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Further gains in new crop futures to be hard won: Grain Market Daily

Tuesday, 19 November 2019

Market Commentary

  • The maize outlook remains bearish as US export pace lags. US accumulated exports for the season so far, at just 4.5Mt, are less than half the volume exported at the same point last season.
  • Although harvest difficulty in the US is still ongoing, the minimal export pace is outweighing potential crop production downgrades. US Managed Money funds further extended their net short position last week, expecting prices to become pressured further.
  • As the global grain market becomes pressured, further gains to UK markets will become harder to realise. UK feed wheat futures (May-20) fell yesterday, closing £1.25/t below the recent highs recorded on the 14 November.

Peter Collier

Arable Analyst

Further gains in new crop futures to be hard won

There are now signs that new crop UK feed wheat futures have begun to reach an import ceiling.

For four weeks from the 10 October, UK feed wheat futures (Nov-20) gained relative to Paris milling wheat futures (Dec-20). Yet, having risen from €20.70/t (£18.66/t) below French futures to a €3.09/t (£2.65/t) premium, this relationship has been unable to stretch further as the competitiveness of domestic wheat with alternative imported wheat or maize diminishes.

With new crop futures now somewhat prevented from gaining further relative to European origins, there are two main risks for new crop pricing for the foreseeable.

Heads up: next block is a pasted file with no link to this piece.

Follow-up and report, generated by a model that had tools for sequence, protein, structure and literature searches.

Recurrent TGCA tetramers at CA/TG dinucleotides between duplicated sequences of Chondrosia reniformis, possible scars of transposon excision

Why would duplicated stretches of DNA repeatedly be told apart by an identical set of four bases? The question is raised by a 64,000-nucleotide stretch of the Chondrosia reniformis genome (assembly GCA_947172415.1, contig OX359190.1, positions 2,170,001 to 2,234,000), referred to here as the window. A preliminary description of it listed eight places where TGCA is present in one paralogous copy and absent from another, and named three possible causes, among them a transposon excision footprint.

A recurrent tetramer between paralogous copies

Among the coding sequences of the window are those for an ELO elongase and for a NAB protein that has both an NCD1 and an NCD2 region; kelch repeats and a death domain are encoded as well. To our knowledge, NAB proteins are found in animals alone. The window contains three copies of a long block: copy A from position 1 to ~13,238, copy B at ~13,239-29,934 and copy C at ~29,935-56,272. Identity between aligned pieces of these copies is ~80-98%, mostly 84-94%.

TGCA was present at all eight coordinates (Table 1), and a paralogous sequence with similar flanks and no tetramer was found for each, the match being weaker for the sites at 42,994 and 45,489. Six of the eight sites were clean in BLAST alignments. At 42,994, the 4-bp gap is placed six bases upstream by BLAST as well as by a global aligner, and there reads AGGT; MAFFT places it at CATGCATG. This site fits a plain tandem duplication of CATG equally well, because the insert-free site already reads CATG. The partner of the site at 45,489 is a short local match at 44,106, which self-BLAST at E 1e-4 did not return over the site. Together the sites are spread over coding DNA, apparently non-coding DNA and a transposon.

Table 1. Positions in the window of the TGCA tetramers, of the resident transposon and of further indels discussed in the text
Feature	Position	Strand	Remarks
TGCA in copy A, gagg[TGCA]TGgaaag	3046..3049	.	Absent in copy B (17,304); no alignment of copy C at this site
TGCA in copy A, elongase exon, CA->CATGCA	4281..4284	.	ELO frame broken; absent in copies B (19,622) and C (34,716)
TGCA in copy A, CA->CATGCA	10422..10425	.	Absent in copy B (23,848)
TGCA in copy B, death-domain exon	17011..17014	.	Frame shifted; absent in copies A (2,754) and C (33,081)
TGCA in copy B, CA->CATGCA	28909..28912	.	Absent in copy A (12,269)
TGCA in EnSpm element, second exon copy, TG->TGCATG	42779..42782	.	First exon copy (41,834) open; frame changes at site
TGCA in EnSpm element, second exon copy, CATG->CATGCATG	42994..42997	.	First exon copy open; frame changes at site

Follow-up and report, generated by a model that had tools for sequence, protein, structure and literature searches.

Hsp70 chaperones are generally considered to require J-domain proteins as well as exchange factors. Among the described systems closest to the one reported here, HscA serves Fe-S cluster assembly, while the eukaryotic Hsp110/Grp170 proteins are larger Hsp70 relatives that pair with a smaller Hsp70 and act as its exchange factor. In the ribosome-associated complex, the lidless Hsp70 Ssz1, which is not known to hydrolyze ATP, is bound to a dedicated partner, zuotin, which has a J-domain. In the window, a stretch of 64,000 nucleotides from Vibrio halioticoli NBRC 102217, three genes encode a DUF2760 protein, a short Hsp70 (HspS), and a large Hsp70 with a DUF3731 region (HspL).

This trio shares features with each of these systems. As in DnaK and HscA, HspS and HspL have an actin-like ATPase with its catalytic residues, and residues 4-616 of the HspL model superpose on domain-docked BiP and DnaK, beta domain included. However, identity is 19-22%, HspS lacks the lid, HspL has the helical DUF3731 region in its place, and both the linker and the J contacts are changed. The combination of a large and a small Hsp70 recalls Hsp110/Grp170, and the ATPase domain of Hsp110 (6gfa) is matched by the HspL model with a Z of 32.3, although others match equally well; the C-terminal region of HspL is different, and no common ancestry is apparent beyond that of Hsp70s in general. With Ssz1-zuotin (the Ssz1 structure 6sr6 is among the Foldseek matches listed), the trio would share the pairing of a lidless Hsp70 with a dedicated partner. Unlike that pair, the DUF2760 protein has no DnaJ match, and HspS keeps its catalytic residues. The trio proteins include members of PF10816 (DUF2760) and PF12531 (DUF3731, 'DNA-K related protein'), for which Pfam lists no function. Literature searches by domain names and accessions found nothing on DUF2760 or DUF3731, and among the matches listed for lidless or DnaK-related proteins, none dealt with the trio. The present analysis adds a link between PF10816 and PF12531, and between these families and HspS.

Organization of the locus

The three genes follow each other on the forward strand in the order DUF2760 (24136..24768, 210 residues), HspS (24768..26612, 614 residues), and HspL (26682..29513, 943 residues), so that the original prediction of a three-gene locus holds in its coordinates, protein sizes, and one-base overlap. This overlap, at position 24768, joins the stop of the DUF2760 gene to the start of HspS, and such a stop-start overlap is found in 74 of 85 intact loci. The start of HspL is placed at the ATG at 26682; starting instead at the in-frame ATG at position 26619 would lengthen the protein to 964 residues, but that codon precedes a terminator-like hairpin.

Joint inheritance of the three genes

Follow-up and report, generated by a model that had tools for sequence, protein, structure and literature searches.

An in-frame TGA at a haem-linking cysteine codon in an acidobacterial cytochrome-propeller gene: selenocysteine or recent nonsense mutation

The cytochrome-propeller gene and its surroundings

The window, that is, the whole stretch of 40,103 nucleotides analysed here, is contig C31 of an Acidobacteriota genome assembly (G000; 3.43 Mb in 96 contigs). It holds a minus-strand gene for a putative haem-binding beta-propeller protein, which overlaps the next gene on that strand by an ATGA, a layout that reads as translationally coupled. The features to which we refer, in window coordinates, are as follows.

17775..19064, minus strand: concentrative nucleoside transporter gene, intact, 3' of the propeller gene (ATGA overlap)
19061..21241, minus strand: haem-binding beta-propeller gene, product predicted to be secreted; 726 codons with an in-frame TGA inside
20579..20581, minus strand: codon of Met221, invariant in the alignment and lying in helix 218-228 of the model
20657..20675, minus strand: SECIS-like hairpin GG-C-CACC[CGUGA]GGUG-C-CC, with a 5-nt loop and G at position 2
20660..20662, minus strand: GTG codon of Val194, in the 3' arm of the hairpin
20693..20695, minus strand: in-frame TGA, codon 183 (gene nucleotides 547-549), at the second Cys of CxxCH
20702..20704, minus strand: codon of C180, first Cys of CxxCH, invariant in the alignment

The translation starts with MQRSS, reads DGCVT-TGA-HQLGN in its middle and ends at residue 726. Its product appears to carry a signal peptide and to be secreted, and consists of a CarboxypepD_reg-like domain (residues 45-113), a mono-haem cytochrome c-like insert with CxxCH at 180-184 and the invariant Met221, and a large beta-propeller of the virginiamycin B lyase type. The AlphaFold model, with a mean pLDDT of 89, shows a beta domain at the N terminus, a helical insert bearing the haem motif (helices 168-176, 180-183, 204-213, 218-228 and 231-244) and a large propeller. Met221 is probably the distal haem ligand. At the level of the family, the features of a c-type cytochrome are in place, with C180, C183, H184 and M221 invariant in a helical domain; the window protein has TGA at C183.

Exchange rate and global market sentiment

While new crop prices have been gaining relative to European markets, the gain in the value of the pound has gone somewhat unnoticed.

Relative to the euro, the value of the pound has increased from £1=€1.11 on 10 October to then trade in a narrow range around £1=€1.16 from 15 October to 8 November.

Yet last week has seen a further gain, with the value of the pound breaking out of the previous narrow trading range to break £1=€1.17 on 14 November and again yesterday (18 Nov). Should further gains be recorded as exchange rate trading factors in economic and political outlooks, then UK markets could well become pressured in pound terms.

Globally, wheat and maize markets have also been drifting. Driven by large stocks and export competition. Both Paris and Chicago new crop wheat futures (Dec-20) have lost ground from highs in October, down €3.25/t and $8.36/t respectively.

Unless global market sentiment returns to a bullish outlook then then UK futures markets risk beginning to feel the drag of a well-supplied global outlook. With futures markets facing potential pressure, changes to physical relationships to futures will become increasingly important and may well stretch further in regions of deficit.

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